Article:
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Role of Luteinizing Hormone in Primiparous Sow Responses to Split Weaning
- Zak, L., Foxcroft, GR, Aherne, FX, Kirkwood, RN
- Reproduction in domestic animals 2008 v.43 no.4 pp. 445-450
- backfat, estrus, follicular development, gonadotropin-releasing hormone, insulin-like growth factor I, lactation, luteinizing hormone, ovarian follicles, ovulation, piglets, sows, suckling, weaning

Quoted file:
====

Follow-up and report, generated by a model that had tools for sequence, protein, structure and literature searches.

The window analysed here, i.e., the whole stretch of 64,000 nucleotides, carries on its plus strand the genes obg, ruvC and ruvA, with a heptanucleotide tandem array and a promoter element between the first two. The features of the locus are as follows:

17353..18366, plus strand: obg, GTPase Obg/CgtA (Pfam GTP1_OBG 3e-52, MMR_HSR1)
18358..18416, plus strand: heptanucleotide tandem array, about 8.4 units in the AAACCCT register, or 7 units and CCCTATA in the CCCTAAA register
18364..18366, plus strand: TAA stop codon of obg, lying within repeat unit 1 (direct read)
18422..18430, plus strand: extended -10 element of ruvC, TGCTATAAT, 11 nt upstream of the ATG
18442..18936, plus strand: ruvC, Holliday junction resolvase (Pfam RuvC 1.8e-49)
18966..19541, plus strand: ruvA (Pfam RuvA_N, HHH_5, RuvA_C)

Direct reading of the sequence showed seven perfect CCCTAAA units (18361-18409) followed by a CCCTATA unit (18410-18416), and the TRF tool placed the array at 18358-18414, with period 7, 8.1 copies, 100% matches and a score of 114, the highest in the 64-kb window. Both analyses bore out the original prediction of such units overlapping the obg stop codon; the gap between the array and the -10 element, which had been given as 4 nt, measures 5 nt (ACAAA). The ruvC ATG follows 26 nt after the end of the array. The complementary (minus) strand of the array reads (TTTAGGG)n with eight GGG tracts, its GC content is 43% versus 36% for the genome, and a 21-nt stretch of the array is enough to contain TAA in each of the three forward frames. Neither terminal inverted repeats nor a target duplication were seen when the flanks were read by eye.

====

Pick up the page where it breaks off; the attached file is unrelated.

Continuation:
- In 45 primiparous sows, we examined endocrine, ovarian and reproductive responses to split-weaning or five injections per day of 800 ng GnRH from 18 to 21 days of lactation. There was no effect of treatment on absolute or changes in sow weight or backfat depth during lactation. Average piglet growth rates were similar among treatments except that piglets suckling split-weaned sows grew faster (p < 0.05) during days 18-21. On day 18, mean plasma LH concentrations and LH pulse frequency remained relatively stable in conventionally weaned sows but increased (p < 0.01) in response to split-weaning and GnRH. Prior to weaning on day 21, mean plasma LH concentrations remained elevated in GnRH-treated sows but had returned to control levels in split weaned sows. There was no treatment effect on preweaning LH pulse frequency noted on day 21. Weaning was associated with an increase in plasma LH concentrations in all the treatment groups. Mean plasma IGF-I remained relatively constant in conventionally weaned and GnRH sows, decreased in response to split weaning on day 18 (p < 0.02), but were elevated (p < 0.03) in split wean sows on day 21. On the day after weaning, split wean sows had more (p < 0.04) ovarian follicles >=3 mm than conventionally weaned sows, with GnRH sows being intermediate. The wean-to-oestrus interval was reduced in split-wean sows compared with those conventionally weaned (p < 0.01), with GnRH sows being intermediate. There was no effect of treatment on ovulation rates, numbers of embryos, or embryonic survival rates. These data indicate that split-weaning of litters results in a more rapid return to oestrus after weaning and that this effect is associated with a transient acute increase in circulating gonadotrophins and earlier resumption of ovarian follicular development.